After a mixed week for the BBC on the courage-under-fire front (see George Alagiah, below), a rousing thank the Lord for Alan Yentob.
No doubt an armada of memos has been launched in the cause of stopping it ever happening again, but for the first time since Lord Hutton delivered his satirical meisterwork, a senior BBC executive shows evidence of a backbone. Mr Yentob's spirited counter attack against governmental censure of its choice of dance judges and other matters of state importance was a joy to behold. So too was his insouciant dismissal of the anger over his expenses, some £25,000 per annum for the man in charge of BBC talent seeming scandalously low
I must, after the fashion of my colleague Stephen Glover, declare an interest, and admit to knowing Yum Yum Yentob a little. However, neither that nor his promise to commission my forthcoming 16-part biography on Daphne from the Eggheads for BBC1 has a jot to do with it. "I don't think there's any reason for a collective mea culpa," Yum Yum told the London Evening Standard, and there isn't. Not, at least, for entertaining people to the odd dinner and pair of cashmere socks; or the "ageist" replacement of Arlene Phillips while rehiring our most beloved Anne Robinson, also in her 60s, to present Watchdog in place of gorgeous swimwear model (see the BBC website if you absolutely must) Nicky Campbell, 48.
Unfair to George
Over Mr Alagiah, however, there is the need for a mea maximum culpa, not to mention the collective donning of the Ruth Kelly Memorial Opus Dei Celise. Born of blind panic over some phantasmal conflict of interest, the decision to force a reader-out-loud to resign as patron of the Fairtrade Foundation mingles cowardice and imbecility to a degree unusual even among current management. They might as well make Huw Edwards disown his pot boiler on the chapels of Llanelli lest he's ever tempted to introduce Robert Peston with a verse from a Methodist hymn. Still, hats off to the Daily Mirror for splashing with the story on Wednesday, a trifling 13 days after it was broken in a so-called rival diary.
Oooh, Sugar, Sugar
In the light of Mr Alagiah's treatment, it can only be hours before the Beeb announces that it has abandoned government stalwart Alan Sugar for the rest of time. While he awaits the axe, Lord S busies himself with that prospective action for slander against Quentin Letts, who questioned his intellect on the radio. It's a mark of his little lordship's enterprise that he means to go after Quentin personally, rather than take on the station, LBC, in the conventional manner. But if he proceeds – and Quentin seems unlikely to give the requisite guarantee never to be rude about him again – it will be both a pleasure and a duty to raise funds for the defence. Releasing a Comic Relief single of The Archies' Sugar Sugar, with the lyric hilariously rewritten ("You were my warthog boy/Now you've got me wanting you"), would seem the obvious first step. Does anyone have a mobile number for Peter Kay?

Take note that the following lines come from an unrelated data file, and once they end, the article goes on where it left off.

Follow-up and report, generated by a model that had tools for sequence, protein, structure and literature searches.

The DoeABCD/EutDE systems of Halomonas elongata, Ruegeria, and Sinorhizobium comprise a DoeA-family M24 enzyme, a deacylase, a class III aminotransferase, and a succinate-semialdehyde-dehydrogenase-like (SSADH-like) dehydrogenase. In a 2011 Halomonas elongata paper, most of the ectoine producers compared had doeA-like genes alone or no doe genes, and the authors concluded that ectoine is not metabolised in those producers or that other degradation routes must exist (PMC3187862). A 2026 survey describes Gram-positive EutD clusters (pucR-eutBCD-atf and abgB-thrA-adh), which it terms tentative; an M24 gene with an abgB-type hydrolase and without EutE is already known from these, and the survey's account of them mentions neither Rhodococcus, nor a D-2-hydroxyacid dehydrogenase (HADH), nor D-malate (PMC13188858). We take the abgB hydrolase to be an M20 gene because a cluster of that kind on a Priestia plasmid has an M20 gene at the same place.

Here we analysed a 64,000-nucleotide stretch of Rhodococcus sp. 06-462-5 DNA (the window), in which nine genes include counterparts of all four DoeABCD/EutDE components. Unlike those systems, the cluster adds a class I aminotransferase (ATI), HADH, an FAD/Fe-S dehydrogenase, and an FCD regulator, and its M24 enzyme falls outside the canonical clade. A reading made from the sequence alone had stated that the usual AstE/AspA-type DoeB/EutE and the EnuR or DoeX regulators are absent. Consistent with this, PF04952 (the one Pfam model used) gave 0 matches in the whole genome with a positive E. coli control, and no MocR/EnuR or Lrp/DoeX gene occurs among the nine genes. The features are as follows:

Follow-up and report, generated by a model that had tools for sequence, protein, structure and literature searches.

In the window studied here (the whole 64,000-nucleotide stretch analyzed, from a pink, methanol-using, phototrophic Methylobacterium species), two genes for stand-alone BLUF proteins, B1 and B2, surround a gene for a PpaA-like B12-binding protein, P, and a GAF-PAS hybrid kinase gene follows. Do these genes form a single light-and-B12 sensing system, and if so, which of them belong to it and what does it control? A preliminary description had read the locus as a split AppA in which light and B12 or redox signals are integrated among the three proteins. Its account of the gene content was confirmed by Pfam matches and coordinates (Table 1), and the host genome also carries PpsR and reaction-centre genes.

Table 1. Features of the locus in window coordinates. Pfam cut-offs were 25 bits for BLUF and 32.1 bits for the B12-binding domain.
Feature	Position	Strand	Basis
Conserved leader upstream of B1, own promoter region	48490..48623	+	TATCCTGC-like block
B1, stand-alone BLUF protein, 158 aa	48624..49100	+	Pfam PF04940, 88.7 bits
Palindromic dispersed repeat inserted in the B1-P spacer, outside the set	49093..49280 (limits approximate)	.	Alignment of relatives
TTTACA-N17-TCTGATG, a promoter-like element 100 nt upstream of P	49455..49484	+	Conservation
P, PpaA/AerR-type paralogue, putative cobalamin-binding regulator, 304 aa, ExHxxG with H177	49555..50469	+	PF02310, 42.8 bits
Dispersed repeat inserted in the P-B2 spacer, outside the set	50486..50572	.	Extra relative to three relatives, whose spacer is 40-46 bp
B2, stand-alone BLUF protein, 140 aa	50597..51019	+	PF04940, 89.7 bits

If all fails, and his lordship scores a shock victory for the plaintiff in Mr Justice Eady's courtroom, for me at least there will be a silver lining. I will use the verdict as the precedent to launch a writ against Lord Sugar, for referring to me as "that fucking idiot" (the bigger the truth, the bigger the libel) in a Piers Morgan memoir.
Finger-lickin' good, part I
A delight to find "George W Bush's favourite historian" embracing his roots. Interviewed on the release of his new book, The Storm of War (Eleven Secret Herbs And Spices Press, £19.99; bargain bucket of ten copies, £29.99), Andrew Roberts speaks with pride of being heir to a Kentucky Fried Chicken franchise fortune. "The idea that I am supposed to be cringingly embarrassed ... is such rubbish," he rebukes. "There is a photo around the corner of Mummy and Daddy with Colonel Sanders which is not something I would have outside my drawing room if I was embarrassed." He also recalls having a KFC cheque book at university, which must have been a bit greasy for the tellers of Cambridge, but there it is. Foyles is known to be contemplating a £2 discount for any customer who says "I'll have the new Roberts, please, and I'll have it to go."
Finger-lickin' good, part II
By glorious happenstance, The Storm Of War is favourably reviewed in The Spectator by Paul Johnson. He was "Ronald Reagan's favourite historian" once, and it's good to see the baton passed from one generation to the next. Although much taken with Andrew's foray into the Second World War, my sane and rational friend ends on a morosely gnomic note. "Roberts's book is a powerful, well-documented sermon on these inhumanities. Engrossing to read," he concludes. "But will it do any good?" Well, there's a question. Previous accounts of that war, and there have been one or two, tantalisingly failed to prevent Srebrenica and Rwanda. Yet who can say for sure that Andrew's won't shame the monsters of tomorrow into swapping genocide for a quiet evening in front of the telly with a Boneless Variety Bucket and a tub of BBQ Baked Beans?
A corresponding cuddle
Most touching media moment of the week, finally, came in Washington, where Barack Obama gave veteran White House correspondent Helen Thomas a cuddle and a cake to mark her 89th birthday. Wouldn't it be nice if Gordon Brown bucked the recent trend by following a US president's lead, and gave our closest equivalent to Ms Thomas, Peter Riddell of The Times, a big squidgy hug when he enters his ninth decade soon?